According to online learning surveys conducted by the Sloan Consortium, there were 6,142,280 people enrolled in at least one online course in 2010. This number continues to increase today, especially as access to massively open online courses (MOOCs) grows. But why do people take courses online? The general perception is that these classes are convenient and less expensive, but is this true?
As it turns out, online degrees and courses are not necessarily any less expensive than if you were to attend an on-campus class. For example, if you want to take a class at New York University online, you will be paying the same cost per credit hour as a student who sits in class to listen to a professor. However, you will not have to commute to class, which saves you transportation expenses. You will not have to live on campus, which can save you thousands of dollars a year. Also, courses and degree programs that are designed to be completed online often have content that is digital, which means no textbooks.
Online education is a very unique and financially viable option for people who want quality education on a cheaper budget. Not only do you save on the satellite expenses (books, room and board, travel), but you also get to tailor courses around your schedule. This opens up wider options to take just a few classes at a time, for instance, while you hold a part-time job to fund your schooling.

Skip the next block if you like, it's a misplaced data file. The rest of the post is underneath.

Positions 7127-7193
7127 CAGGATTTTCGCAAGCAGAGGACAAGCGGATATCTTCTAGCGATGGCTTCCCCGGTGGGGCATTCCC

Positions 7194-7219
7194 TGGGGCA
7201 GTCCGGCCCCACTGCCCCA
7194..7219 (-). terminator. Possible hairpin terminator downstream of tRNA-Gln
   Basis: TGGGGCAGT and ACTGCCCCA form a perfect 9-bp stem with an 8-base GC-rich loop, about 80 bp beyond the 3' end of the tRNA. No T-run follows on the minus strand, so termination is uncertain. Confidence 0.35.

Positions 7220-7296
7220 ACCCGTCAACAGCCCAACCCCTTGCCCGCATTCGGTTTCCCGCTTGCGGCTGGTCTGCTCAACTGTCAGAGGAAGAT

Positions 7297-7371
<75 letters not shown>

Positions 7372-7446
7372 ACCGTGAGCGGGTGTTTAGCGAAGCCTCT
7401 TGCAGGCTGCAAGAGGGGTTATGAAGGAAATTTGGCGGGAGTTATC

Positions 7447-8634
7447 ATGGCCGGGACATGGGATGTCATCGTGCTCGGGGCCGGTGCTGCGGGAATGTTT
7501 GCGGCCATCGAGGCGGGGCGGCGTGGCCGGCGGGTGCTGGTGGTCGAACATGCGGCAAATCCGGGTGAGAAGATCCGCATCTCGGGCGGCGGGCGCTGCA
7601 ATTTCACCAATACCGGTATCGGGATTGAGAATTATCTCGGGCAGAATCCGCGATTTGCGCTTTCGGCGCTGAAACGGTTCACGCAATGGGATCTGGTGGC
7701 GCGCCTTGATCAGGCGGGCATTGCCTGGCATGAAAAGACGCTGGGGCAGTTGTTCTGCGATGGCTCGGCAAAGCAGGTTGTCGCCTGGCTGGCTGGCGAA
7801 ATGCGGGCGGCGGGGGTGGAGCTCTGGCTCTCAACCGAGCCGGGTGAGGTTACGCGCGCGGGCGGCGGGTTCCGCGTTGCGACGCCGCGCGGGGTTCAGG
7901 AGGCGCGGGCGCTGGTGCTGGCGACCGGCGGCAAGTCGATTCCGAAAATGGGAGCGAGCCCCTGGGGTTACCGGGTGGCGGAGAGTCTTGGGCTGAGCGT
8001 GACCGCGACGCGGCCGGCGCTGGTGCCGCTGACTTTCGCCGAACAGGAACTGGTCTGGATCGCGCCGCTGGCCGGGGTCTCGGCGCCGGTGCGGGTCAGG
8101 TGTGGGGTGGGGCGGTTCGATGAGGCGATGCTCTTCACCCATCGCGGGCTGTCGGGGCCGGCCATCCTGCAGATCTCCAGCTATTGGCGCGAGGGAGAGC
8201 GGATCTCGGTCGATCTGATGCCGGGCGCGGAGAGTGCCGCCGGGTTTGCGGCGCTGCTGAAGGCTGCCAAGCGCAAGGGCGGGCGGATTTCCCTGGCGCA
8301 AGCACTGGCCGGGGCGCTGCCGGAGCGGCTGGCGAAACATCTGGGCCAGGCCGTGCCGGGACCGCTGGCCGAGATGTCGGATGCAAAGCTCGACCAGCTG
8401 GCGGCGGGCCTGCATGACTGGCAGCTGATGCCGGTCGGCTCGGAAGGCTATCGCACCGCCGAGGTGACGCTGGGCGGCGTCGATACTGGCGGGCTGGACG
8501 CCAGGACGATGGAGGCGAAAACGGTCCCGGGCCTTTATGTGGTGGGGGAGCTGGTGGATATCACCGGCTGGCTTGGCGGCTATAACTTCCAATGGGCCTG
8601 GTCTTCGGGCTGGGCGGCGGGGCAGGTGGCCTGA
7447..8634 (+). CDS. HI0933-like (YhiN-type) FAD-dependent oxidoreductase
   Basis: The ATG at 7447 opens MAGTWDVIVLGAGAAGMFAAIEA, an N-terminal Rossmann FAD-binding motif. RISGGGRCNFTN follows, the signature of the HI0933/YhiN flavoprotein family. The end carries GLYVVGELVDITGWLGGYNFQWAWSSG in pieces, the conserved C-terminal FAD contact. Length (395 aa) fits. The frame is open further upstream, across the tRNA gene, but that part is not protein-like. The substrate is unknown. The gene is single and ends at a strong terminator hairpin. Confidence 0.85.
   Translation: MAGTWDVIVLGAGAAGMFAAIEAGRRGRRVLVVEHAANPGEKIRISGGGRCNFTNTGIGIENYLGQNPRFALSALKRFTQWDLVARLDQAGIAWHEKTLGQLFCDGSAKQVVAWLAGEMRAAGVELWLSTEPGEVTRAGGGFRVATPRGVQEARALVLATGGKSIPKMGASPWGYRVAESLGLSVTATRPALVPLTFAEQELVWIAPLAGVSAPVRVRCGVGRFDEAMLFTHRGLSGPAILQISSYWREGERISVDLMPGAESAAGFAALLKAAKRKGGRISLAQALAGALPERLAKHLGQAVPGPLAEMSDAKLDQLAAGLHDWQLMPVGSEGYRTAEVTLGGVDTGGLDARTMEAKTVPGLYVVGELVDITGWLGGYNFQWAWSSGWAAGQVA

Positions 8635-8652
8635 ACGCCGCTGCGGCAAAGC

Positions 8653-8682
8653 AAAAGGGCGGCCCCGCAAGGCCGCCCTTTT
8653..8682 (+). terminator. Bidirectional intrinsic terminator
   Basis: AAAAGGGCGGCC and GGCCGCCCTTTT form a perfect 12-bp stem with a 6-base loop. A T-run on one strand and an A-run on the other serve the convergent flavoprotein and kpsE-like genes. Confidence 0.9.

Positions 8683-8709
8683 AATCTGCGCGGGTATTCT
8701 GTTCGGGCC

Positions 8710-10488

This directory of the cheapest online colleges in America has two important features. In addition to being able to see what colleges will let you take classes from home, you can add an extra layer of financial clarity to this research by sorting schools based on your budget. Financial aid and scholarships are also available for online students, so there is much more potential to limit the amount of borrowing you need to do in other areas.
Are Cheap Online Colleges Diploma Mills?
Any institution that attempts to offer you a degree for free, or at a suspiciously low rate, should be handled with caution. Online schools should also be held to the same standards and scrutiny that you would apply to a traditional school search. Do research on accreditation. Look into the professors–do they hold graduate degrees? Have they done research or significant work in the area you want to study?
Online classes can supplement an on-campus education as well. If you are interested in studying a practical discipline that requires laboratory work, you should contact local schools to see if they have hybrid options. In a hybrid program, you can take lab courses on-campus and finish your theoretical coursework through the web. This mixing and matching of learning options is one of the best ways to personalize your learning experience and save a lot of money at the same time.